What we are seeing is a celebration on social media. There is this back and forth between al Qaeda and ISIS because ISIS is opposed to Afghan Taliban and see the Taliban as a sellout of their ideology. But al Qaeda and other militant organizations have gained from the Taliban’s victory. The Taliban celebrated Americans’ withdrawal or defeat, as they describe it. The TTP has not only praised and hailed it, but it has stepped up. That is the practical manifestation of one militant group, which is active in Pakistan. We will have to see what impact this has on other groups, al Qaeda and the East Turkestan Islamic Movement (ETIM)—obviously of major concern to the Chinese—the Islamic Movement of Uzbekistan, and others. We do not know what sort of mechanism the Taliban agreed to in the Doha agreement. We have not seen if there is any enforceable or verifiable mechanism to see if any group is compliant with the Taliban commitment and pledge, and what the Taliban will or will not do. What we do know is that the TTP is stepping up. The Afghan Taliban knows it because the Pakistanis have been sharing their concerns.

The immediate, obvious concern for Pakistan’s internal security is the presence of the TTP across the border. And now we can’t even blame the NDS or RAW for that matter. It is the Afghan Taliban, pure and simple.

The Pakistanis have been talking to the Afghan Taliban about the TTP and about the Baloch separatists because the Baloch separatists were previously thought to have been living in areas in and around Kandahar, which was largely under the control of the then-Afghan government. But the TTP would continue to live in the border areas. They have active bases in the tribal areas in Afghanistan on the Pakistan’s border, and the Pakistanis have been speaking to the Afghan Taliban. The Taliban, on Pakistan’s prodding, had formed a three-member commission, of senior Afghan Taliban leaders to speak to the TTP and try to rein them in and stop the attacks. This hasn’t happened.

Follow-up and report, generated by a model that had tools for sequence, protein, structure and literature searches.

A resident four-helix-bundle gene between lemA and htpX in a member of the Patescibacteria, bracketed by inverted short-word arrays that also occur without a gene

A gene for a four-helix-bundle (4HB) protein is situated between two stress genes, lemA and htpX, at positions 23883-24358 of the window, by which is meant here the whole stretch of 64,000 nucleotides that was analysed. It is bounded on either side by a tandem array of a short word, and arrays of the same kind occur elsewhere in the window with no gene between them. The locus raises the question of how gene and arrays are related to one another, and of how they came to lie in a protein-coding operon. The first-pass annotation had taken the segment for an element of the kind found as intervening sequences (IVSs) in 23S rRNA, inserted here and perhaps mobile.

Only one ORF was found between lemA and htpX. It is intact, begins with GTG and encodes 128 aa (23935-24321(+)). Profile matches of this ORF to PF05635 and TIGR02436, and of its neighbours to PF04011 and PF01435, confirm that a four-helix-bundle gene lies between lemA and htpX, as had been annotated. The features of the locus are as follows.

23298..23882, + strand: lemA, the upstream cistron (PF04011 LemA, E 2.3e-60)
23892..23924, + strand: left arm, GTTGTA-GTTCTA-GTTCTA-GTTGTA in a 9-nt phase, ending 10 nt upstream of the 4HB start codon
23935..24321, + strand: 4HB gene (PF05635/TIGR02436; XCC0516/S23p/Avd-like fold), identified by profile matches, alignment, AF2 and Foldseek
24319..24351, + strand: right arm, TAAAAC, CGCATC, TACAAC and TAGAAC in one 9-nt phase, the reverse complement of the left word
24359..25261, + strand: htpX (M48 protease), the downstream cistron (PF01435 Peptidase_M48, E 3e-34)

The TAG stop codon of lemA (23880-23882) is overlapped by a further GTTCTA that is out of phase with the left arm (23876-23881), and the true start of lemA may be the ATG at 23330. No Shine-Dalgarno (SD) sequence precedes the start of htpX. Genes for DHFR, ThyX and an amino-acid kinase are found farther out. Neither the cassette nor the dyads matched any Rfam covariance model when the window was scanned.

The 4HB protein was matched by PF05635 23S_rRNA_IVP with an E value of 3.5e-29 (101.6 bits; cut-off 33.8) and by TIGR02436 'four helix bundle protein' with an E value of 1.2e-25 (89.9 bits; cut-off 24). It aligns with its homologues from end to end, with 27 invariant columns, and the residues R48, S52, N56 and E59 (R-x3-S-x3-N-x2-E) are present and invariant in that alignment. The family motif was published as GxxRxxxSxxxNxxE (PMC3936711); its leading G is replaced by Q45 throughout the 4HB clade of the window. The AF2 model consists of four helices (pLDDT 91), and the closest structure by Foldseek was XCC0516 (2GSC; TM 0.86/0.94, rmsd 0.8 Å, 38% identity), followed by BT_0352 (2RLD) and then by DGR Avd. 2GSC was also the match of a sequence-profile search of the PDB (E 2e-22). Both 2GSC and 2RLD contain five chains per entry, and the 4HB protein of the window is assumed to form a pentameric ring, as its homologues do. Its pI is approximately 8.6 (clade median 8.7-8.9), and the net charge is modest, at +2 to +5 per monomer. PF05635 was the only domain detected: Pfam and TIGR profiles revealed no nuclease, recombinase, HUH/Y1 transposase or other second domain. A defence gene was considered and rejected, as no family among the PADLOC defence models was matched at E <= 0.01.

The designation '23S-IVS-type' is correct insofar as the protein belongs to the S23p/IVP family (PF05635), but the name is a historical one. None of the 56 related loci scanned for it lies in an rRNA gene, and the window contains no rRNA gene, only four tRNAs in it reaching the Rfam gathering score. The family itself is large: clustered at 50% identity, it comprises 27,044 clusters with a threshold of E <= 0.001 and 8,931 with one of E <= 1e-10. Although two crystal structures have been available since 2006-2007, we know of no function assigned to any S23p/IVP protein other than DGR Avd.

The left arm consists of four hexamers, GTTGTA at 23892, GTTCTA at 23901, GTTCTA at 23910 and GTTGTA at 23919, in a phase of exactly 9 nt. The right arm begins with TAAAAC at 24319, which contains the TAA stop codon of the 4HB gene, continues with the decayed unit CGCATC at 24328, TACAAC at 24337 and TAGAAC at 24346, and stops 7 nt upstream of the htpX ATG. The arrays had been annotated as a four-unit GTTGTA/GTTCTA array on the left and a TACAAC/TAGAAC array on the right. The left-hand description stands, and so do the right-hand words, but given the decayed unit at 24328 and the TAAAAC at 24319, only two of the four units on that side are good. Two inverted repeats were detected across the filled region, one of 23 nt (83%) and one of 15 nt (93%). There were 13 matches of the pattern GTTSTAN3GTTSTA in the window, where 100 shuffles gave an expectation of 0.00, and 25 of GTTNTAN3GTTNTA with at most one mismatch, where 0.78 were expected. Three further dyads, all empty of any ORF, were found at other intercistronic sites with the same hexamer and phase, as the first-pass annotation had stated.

My assumption is that the Afghan Taliban have repeated what has been the standard reply that “we are in a state of war, we have the foreign occupation force, and we will deal with the TTP when the time comes.” Now, I think if the Pakistanis speak to them, they would say: “Now, we are in the process of forming a government, and we have other things to do. We will speak to the Pakistani Taliban when we are over and done with our own problems.” So, for us, the immediate, obvious concern for Pakistan’s internal security is the presence of TTP across the border. And now we can’t even blame the NDS (National Directorate of Security) or RAW (The Research & Analysis Wing) for that matter. It is Afghan Taliban, pure and simple.

There was an attack yesterday, and attacks have been increasing. If you look at the trends over the last few months or maybe the last year, most of the attacks by the TTP have occurred in Khyber Pakhtunkhwa, or in the erstwhile federally administered-tribal regions that are now part of Khyber Pakhtunkhwa. So, we are bearing the major brunt of the TTP attacks, followed by Balochistan. Since the TTP leadership is mostly from the tribal regions, which are now part of Khyber Pakhtunkhwa, their focus is more on those areas. For us, yes, this is problem number one.

Editor’s Note: This article is part of a series in which the SAV editorial staff speaks with scholars and practioners to understand trends and potential inflection points in South Asian security. See the full collection here.

***

Image 1: Muhammad Imran Saeed via Flickr

Image 2: United States Air Force via Wikimedia Commons

Share this:  

Related articles

Bhutan and Northeast India: Subnational Diplomacy Possibilities Geopolitics & Diplomacy

Bhutan and Northeast India: Subnational Diplomacy Possibilities

The growing strength of India and Bhutan’s relationship over time…

The Rohingya Exodus: South Asia’s Predicament Geopolitics & Diplomacy

The Rohingya Exodus: South Asia’s Predicament

Since the mid-1900s, periodic outbreaks of hostility and violence have…

India and Sri Lanka: Subnational Diplomacy Dynamics Geopolitics & Diplomacy

India and Sri Lanka: Subnational Diplomacy Dynamics

Sri Lanka’s foreign minister Jayanath Colombage has described India as…